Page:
It is hard to see why the aforementioned witnesses testified on the admission of appellant the way they did unless they were prompted only by the truth. If appellant had surrendered with an admission of killing the old woman by accident, as he must have tried to impress upon the authorities if such was the truth, Pat. Basilad had no reason to give the killing the graver character than what it really was. As far as he is concerned, he had no more problem relative to the solution of the crime, which is the usual cause for police twisting the truth or other form of excesses when conducting investigations-the desire to solve a crime by all means.

That Dr. Silverio Gaviola who issued the post-mortem examination report failed to testify thereon because he died before he could be called to the stand, so unduly stressed to show the quality of his report as hearsay, does not affect the sufficiency of the evidence against appellant to entitle him to the acceptance of his claim of accident to exempt him from criminal liability. As already shown, such evidence is more than adequate to make the mind rest at ease on appellant’s guilt as charged. The autopsy report, if not admitted as such, is part of the testimony of Pat. Sarabosing. He testified on the number and location of the wounds, and his testimony, being that of a peace officer with basic knowledge in medico-legal medicine, having taken a course therein (p. 26, tsn, May 21, 1978) may well serve the purpose of the autopsy report, if the report is not itself admissible as independent evidence, as appellant would insist.

Appellant has also invoked the provision of Article IV, Section 20 of the Constitution in trying to block the admission of his declaration to Pat. Basilad that he killed Ofremia Atup because of her alleged vow to kill him by with craft, contending that the safeguards therefor have not been made available to him. The cited provision reads:jgc:chanrobles.com.ph

"Section 20. No person shall be compelled to be a witness against himself. Any person under investigation for the commission of an offense shall have the right to remain silent and to counsel, and to be informed of such right. No force, violence, threat, intimidation, or any other means which vitiates the free will shall be used against him. Any confession obtained in violation of this section shall be inadmissible in evidence."cralaw virtua1aw library

The applicability of the foregoing provision does not seem to contemplate cases like the present where no written confession was sought to be presented in evidence as a result of formal custodial investigation. What was testified to is only what appellant told the police why he is surrendering to them. It is but natural for one who surrenders to the police to give reason or explanation for his act of surrendering. It can hardly be said that under such circumstance, the surrenderee is already "under investigation," within the meaning of the constitutional provision. As the Solicitor General correctly observes on the circumstances of this case: "If however, he voluntarily admits the killing and it was precisely because he surrendered to admit the killing, the constitutional safeguards to be informed of his rights to silence and to counsel may not be invoked."cralaw virtua1aw library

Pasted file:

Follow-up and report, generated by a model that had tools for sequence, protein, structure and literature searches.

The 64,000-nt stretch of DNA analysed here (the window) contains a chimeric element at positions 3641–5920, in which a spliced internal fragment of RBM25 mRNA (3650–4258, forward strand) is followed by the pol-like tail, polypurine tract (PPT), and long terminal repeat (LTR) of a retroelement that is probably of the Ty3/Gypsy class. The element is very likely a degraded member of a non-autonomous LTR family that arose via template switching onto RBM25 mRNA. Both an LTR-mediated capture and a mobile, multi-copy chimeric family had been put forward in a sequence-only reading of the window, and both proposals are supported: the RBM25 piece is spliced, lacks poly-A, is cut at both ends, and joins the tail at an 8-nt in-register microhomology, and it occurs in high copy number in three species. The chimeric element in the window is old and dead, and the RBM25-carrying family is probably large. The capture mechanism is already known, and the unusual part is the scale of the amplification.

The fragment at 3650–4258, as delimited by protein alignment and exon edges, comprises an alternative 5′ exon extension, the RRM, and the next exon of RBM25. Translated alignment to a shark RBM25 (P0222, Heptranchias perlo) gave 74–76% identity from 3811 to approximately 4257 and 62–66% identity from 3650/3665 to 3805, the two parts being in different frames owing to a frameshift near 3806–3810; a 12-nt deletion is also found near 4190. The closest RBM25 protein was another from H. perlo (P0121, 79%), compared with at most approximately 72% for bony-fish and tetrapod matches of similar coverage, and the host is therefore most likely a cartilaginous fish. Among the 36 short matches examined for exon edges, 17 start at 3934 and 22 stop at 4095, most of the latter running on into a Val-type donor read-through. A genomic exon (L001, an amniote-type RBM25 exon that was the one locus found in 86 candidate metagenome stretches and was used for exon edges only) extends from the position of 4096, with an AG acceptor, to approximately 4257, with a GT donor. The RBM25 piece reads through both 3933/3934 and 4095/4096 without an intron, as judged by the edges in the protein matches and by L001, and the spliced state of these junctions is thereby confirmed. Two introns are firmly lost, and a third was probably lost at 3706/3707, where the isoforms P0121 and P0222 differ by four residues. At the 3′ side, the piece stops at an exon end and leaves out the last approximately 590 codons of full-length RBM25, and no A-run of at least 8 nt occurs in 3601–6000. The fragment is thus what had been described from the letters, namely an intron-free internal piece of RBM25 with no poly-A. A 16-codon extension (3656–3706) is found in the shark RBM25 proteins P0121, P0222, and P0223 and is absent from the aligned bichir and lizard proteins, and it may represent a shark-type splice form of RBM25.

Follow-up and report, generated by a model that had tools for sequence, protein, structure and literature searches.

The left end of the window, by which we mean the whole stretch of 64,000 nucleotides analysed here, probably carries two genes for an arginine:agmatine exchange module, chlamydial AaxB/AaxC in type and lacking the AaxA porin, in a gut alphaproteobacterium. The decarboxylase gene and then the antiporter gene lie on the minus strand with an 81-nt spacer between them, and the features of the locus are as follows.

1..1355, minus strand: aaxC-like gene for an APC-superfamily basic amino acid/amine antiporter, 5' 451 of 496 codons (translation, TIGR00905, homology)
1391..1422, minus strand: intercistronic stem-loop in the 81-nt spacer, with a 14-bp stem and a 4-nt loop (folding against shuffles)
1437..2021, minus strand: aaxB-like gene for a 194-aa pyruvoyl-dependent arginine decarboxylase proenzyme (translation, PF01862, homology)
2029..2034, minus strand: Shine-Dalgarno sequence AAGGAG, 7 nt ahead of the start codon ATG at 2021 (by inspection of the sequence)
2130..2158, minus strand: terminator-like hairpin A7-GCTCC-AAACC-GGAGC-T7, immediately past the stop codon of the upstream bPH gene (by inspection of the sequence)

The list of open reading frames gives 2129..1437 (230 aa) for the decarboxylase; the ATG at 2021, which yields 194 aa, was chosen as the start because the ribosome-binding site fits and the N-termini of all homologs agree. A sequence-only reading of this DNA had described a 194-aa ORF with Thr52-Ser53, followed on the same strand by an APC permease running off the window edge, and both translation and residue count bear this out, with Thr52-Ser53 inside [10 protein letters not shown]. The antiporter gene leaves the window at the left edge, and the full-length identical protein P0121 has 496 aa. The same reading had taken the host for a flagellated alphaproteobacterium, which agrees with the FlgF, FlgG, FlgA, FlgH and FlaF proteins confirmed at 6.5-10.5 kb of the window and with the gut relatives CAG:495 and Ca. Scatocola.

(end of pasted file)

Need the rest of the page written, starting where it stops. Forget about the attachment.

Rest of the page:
In any case, as previously pointed out, another witness, Juanita Busalla, who is not a policeman also testified to appellant telling her when he was already in jail, that he killed Ofremia Atup because of her promise to kill him by means of witchcraft, the same declaration he supposedly made to Pat. Basilad, upon surrendering after the killing. The constitutional safeguard invoked can have no application to Juanita’s testimony on what appellant told her not in the course of a police investigation.chanrobles law library : red

At any rate, even without the admission, the accident version of appellant is inherently incredible. As already stated, that he was not allowed by Ofremia’s daughter and husband to enter their house when he went there direct from the old woman’s house is a strong proof that he did not exhibit the harmless mood of a repentant killer as he should visibly appear to them if the killing was only accidental. On the contrary, he must have appeared so angry, displaying unmistakable intent to kill them, after killing their mother, as the daughter Juanita Busalla, so testified (pp. 30-39, tsn, Feb. 1, 1978).

Verily, the issue is one of credibility. The lower court gave more of it to the testimony of the prosecution witnesses. We find no reason to disturb the lower court’s appreciation of the relative credibility of the opposing witnesses. 2 Moreover, appellant having admitted the killing, the burden of proving the exempting circumstance he has invoked in his defense calls for clear and convincing evidence, as is required of similar defenses as that of self-defense. 3 This, he failed dismally to fulfill.

WHEREFORE, the appealed decision is affirmed, with costs.

SO ORDERED.

Makasiar, Fernandez, Guerrero and Melencio-Herrera, JJ., concur.

Teehankee (Chairman), J., concurs in the result.

Endnotes:



* Mr. Justice de Castro was designated to sit with the First Division under Special Order No. 225.

1. Appendix "A" of Appellant’s Brief, p. 35, Rollo.

2. People v. Arciaga, 98 SCRA 1; People v. Abejuela, 92 SCRA 503; People v. Bautista, 92 SCRA 465; People v. Balmaceda, 87 SCRA 94; People v. Molleda, 86 SCRA 667; People v. Sales, 44 SCRA 489.

3. People v. Obeda, 101 SCRA 675; People v. Verzola, 80 SCRA 600; People v. Jamero, 75 SCRA 137; People v. Quintab, 16 SCRA; People v. Libed, 14 SCRA 410.